Greenfield’s energy and sustainability chief returns after Northampton stint




Staff Writer

Published: 03-26-2024 5:22 PM

GREENFIELD — Less than six months after leaving her decade-long role as Department of Energy and Sustainability director to serve at the helm of Northampton’s first-ever Climate Action and Project Administration Department (CAPA), Carole Collins is returning to Greenfield on April 8.

Collins, a Northampton resident who had served in Greenfield for about 13 years, was hired by Northampton Mayor Gina Louise-Sciarra to serve as the city’s first CAPA director in September.

When asked about her reasons for returning to her role as the first and only Department of Energy and Sustainability director in Greenfield, Collins said it was simply “a better option,” for her at the current moment, but added that she will stay in contact with her replacement, CAPA’s interim Director Benjamin Weil, to collaborate on projects aimed at reaching the two cities’ common goals to reduce greenhouse gas emissions and reliance on fossil fuels.

“I’m just really excited to jump back in. I worked very hard in Greenfield and I’ve worked really hard with the administration in Northampton as well,” Collins said. “We have someone who’s going to take over in my absence, who’s a great person … and we’ve all talked about how important it is that we do work together. We’re all working on the same goal. It’s a lot of work, and it’s really hard, so we all benefit from working together and I’m really positive that everyone’s winning at the end.”

Under Collins’ leadership at the Department of Energy and Sustainability, the state Department of Energy Resources recognized Greenfield for reducing its greenhouse gas emissions by nearly 70% since 2008 and achieving a 25% reduction in city-wide energy consumption since 2016.

During her time serving in Greenfield, Collins also lead a number of sustainable projects, such as the design and construction of net-zero carbon emission buildings for the new Post Office, Fire Station, Greenfield Public Library and Department of Public Works office. She also oversaw Greenfield Light & Power, a program supplying renewable electricity to Greenfield utility customers at competitive prices, and worked with the Franklin Regional Council of Governments to draft the city’s Municipal Net-Zero Operations Plan, organizing long-term sustainability projects geared toward helping reach the state’s goal of net-zero carbon emissions by 2030.

Of the sustainable energy projects mapped out in the Municipal Net-Zero Operations Plan, Collins said she will prioritize the allocation of Green Communities grant funding from the Massachusetts Department of Energy Resources to replace the oil-fired heating equipment at the wastewater treatment plant on Deerfield Street with a waste-powered system. The city of Greenfield stated in a written statement that upon completion of this project, none of the city’s municipal buildings will rely on oil.

“It would make use of that waste — when it comes out of everyone’s sinks and drains and everything, there’s some heat in it, and it would take that heat. So it’s kind of like preheating your boiler, in a way, but it’s a heat pump for water treatment,” Collins said. “It’s pretty exciting. When you can use waste to make energy, that’s truly sustainable.”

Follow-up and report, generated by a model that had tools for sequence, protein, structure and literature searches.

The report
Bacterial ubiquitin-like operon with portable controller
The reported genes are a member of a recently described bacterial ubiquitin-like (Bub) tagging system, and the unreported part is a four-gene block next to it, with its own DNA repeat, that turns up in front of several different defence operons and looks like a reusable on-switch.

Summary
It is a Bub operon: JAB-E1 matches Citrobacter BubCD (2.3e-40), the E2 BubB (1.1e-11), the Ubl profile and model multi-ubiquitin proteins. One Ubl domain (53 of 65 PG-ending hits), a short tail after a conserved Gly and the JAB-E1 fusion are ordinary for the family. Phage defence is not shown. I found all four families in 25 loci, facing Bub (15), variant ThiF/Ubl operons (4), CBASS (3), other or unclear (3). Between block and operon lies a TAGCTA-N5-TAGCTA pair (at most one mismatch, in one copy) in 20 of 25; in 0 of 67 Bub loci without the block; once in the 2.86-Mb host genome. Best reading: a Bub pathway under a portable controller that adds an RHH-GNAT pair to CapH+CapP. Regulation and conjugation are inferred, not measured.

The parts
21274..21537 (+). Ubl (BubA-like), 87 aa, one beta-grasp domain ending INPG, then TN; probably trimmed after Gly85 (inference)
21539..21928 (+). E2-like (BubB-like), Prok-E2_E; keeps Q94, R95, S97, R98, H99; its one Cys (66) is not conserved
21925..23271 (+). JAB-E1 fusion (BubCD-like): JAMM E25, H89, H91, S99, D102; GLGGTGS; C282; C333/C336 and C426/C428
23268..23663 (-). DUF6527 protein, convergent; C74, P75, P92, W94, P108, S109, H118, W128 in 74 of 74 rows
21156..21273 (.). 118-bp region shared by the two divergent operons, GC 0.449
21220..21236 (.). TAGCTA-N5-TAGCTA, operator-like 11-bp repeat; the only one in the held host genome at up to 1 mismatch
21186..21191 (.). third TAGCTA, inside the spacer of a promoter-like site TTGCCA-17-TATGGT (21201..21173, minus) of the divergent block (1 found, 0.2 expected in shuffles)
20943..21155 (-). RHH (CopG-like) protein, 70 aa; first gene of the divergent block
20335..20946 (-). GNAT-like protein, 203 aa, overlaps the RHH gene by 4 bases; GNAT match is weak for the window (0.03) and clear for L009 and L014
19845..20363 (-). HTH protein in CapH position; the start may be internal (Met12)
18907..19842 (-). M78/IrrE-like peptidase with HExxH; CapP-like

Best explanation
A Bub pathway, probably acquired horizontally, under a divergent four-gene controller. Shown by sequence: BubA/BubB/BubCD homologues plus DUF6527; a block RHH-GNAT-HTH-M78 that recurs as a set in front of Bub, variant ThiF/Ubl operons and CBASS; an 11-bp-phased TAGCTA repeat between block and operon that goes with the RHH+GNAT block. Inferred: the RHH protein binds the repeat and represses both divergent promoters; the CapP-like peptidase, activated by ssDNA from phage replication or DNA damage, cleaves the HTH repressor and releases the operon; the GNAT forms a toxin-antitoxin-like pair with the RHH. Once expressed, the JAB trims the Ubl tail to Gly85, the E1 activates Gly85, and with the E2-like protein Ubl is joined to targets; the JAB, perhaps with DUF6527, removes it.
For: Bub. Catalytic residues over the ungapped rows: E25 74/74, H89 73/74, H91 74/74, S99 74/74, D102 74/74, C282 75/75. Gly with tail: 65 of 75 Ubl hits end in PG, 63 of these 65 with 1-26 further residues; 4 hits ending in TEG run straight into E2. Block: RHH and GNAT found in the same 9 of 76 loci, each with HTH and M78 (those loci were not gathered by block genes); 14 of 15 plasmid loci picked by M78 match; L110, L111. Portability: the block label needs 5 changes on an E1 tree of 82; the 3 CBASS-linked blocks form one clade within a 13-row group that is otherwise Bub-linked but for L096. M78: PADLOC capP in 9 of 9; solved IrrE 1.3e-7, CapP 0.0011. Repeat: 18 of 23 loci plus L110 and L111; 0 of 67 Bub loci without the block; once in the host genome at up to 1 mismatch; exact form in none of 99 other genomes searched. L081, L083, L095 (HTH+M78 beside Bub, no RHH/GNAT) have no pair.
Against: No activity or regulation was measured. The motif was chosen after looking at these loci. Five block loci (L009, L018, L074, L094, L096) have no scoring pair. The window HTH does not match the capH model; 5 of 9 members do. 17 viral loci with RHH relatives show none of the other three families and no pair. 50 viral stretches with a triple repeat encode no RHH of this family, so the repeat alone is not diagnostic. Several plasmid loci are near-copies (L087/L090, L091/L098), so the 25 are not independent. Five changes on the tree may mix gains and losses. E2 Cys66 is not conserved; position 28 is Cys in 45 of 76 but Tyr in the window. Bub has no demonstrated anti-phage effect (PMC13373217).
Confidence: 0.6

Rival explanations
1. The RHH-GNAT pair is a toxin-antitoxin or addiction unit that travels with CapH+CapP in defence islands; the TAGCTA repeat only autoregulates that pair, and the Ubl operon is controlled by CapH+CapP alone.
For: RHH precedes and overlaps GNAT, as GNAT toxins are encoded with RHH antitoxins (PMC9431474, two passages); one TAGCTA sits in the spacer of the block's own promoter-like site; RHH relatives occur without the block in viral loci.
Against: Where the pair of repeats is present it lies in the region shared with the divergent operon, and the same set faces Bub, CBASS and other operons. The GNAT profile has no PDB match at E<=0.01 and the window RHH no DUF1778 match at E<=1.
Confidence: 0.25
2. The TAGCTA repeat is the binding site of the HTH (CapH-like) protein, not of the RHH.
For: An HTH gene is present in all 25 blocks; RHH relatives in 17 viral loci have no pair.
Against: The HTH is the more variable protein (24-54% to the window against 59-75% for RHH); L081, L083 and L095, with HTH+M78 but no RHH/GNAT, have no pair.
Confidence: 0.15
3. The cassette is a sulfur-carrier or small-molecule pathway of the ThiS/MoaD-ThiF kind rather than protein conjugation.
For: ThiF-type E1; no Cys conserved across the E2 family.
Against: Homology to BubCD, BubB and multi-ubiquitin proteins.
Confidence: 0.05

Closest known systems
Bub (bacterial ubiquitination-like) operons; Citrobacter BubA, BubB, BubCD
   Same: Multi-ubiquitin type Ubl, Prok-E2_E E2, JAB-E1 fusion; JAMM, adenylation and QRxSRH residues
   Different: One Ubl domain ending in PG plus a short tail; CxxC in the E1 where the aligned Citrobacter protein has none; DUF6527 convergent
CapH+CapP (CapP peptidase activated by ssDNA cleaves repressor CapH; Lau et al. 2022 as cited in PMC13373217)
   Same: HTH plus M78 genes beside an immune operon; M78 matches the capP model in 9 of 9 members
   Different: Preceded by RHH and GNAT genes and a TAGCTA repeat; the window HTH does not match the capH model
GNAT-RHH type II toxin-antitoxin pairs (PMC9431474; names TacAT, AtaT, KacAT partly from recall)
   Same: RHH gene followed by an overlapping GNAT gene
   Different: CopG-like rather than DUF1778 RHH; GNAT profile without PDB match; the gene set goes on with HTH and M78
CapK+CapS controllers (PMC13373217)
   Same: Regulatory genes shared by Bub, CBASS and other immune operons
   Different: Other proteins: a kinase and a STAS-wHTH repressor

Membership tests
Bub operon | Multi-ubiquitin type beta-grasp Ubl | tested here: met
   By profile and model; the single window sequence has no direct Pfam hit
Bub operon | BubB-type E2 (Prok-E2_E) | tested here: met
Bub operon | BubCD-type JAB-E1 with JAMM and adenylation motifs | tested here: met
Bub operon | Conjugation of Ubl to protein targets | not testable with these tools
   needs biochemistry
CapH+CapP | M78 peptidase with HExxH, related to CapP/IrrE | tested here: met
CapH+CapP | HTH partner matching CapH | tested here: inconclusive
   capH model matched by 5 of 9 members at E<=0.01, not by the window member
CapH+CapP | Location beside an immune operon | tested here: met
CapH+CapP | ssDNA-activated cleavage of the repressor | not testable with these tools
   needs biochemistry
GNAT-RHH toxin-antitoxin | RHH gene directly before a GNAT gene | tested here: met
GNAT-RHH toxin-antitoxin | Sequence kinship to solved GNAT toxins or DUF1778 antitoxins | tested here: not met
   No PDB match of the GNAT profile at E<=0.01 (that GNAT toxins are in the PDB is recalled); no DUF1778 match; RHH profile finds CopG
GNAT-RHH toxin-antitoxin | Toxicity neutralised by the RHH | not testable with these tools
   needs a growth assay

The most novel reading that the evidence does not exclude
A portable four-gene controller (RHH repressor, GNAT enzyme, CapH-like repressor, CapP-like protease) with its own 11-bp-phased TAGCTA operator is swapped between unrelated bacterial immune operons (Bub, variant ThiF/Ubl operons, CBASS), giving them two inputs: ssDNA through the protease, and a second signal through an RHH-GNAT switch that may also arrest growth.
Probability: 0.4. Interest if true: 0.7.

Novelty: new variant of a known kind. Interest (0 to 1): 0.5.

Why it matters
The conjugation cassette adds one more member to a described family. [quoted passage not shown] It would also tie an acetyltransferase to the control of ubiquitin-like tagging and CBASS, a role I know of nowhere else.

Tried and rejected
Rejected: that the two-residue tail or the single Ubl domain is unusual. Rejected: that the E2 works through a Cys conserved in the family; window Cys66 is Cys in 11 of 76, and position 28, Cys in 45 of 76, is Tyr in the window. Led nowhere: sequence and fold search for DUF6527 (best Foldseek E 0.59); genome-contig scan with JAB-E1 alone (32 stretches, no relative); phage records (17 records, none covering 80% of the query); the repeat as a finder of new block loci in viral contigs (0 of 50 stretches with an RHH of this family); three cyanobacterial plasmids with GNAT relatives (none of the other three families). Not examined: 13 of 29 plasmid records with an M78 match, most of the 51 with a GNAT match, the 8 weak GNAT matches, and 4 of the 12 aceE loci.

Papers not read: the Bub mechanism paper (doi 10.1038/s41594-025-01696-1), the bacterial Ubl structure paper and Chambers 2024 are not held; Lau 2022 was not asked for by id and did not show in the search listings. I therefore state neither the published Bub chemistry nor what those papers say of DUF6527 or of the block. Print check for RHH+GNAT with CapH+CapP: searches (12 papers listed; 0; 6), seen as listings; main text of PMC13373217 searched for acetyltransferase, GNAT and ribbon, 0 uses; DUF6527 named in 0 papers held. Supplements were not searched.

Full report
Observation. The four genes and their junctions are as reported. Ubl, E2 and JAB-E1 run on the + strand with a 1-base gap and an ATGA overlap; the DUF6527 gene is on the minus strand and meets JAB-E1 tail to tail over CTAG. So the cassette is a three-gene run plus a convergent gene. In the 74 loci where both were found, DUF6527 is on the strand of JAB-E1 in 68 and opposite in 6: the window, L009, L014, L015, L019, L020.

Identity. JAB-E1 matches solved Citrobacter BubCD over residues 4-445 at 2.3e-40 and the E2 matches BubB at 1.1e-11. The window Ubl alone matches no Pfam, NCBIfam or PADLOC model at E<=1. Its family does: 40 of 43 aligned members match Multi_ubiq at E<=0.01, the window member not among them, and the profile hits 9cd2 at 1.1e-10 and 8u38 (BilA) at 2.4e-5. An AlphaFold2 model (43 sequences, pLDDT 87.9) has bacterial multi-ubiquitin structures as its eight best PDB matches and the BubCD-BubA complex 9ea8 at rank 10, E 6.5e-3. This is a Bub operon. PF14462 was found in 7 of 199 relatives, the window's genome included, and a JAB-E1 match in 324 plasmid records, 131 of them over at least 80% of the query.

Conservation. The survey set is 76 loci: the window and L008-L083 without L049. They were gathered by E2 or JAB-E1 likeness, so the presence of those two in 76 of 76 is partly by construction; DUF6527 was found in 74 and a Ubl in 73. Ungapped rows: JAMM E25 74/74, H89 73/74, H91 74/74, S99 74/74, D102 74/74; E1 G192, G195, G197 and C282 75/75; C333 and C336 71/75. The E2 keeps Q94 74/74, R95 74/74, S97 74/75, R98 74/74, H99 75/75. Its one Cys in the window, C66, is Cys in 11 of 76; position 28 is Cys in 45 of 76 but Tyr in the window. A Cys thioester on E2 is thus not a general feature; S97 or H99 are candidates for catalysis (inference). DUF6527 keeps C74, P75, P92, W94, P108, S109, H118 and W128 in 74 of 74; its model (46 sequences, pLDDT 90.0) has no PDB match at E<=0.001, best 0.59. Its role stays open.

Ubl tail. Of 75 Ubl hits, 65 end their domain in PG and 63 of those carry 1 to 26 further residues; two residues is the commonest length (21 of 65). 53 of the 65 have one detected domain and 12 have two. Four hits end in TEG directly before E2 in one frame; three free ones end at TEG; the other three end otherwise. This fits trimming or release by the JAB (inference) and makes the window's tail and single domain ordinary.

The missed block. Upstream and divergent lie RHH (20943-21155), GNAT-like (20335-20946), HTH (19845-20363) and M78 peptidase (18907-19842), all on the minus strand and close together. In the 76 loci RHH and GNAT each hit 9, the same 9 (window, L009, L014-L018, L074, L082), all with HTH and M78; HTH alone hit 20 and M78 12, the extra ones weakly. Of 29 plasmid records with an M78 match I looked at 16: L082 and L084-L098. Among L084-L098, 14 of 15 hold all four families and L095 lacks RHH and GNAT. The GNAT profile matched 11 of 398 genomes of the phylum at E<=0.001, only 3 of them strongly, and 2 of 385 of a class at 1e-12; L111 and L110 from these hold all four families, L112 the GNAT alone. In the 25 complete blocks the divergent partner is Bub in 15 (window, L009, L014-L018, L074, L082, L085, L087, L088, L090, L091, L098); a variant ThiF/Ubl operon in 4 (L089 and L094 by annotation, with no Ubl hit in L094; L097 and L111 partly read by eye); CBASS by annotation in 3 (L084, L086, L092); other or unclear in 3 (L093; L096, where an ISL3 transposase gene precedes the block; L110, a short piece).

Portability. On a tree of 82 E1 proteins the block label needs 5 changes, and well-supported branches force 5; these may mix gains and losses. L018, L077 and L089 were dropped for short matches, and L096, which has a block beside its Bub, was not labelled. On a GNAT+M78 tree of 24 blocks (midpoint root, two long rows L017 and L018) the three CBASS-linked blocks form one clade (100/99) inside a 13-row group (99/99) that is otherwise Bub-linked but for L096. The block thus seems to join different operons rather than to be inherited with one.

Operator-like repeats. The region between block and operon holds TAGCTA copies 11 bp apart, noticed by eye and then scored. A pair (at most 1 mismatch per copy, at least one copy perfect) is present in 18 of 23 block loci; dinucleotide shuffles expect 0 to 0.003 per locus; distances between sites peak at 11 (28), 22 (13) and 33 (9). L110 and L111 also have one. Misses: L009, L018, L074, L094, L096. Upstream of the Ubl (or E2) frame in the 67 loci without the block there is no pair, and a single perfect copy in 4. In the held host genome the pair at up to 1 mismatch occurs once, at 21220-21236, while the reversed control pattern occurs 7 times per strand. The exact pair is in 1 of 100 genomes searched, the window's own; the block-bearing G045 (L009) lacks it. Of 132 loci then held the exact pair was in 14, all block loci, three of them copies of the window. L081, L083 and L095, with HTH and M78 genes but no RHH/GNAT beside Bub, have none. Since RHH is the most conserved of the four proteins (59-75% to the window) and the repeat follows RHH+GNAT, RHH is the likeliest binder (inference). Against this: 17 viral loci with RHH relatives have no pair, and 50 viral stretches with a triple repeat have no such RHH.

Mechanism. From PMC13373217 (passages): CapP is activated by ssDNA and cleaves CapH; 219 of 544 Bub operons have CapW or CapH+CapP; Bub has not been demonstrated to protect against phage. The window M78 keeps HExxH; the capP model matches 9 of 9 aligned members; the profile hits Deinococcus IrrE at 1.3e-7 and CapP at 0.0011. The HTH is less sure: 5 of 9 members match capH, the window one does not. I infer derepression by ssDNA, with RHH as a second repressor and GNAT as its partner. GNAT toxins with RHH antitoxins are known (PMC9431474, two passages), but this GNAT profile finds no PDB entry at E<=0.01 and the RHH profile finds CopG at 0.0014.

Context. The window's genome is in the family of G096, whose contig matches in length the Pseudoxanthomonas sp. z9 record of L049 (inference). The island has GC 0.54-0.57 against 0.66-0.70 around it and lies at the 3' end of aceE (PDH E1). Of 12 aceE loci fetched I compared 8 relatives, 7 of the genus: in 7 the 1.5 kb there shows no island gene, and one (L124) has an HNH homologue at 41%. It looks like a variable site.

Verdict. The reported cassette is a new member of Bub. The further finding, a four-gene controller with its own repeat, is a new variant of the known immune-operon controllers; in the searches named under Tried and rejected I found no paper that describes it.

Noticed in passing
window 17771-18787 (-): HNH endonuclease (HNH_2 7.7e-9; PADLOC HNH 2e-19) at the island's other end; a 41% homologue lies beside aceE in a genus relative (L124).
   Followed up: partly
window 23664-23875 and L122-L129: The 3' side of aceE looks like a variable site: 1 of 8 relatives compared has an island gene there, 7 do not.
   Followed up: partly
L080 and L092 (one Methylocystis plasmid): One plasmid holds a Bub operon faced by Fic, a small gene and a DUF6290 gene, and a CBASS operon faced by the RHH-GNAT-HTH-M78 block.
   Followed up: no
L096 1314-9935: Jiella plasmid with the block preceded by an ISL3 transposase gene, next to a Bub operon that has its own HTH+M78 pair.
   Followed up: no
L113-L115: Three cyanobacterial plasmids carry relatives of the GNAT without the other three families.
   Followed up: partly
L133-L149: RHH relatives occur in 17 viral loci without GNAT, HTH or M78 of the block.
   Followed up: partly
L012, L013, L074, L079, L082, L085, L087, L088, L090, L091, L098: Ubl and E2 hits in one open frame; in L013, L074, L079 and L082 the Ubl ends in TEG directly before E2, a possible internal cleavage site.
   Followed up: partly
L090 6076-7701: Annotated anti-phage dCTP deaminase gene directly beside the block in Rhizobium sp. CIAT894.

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As climate change impacts the region with severe weather events, such as floods and heavy rainstorms, Collins said she hopes to implement new climate-resilient infrastructure to make Greenfield more flood resistant. She referenced the 2022 Fiske Avenue pocket park project, in which she oversaw the park’s expansion of green space, planting of native species and relocation of parking from a lot to the street as an environmentally sustainable solution for storm impact mitigation.

“By planting the green space there, the grass, the native species, pollinator plants, that all captures stormwater when there is a storm event, whereas before when it was just this rundown parking lot, it would all run off into the sewer,” Collins said. “Maybe that was a small project, but it’s in the right direction. We need to continue to think like that in all of our projects and make sure we’re thinking about how to minimize the effects of these big storms.”

In a statement, Mayor Ginny Desorgher wrote that she is “thrilled” by Collins’ return to Greenfield, referring to her as an asset for the city’s growth. In a separate statement published by the city of Northampton, Louise-Sciarra commended Collins for bolstering the city’s solar energy capacity, generating more than 170,000 kilowatt-hours of clean electricity annually and her work to help align the city’s fiscal year 2025 capital improvement projects toward climate action goals.

“Carole is invaluable to the growth of Greenfield,” Desorgher said, “and I look forward to seeing how her insights and advocacy will continue to help the city align with state and national sustainability benchmarks.”

Anthony Cammalleri can be reached at or 413-930-4429.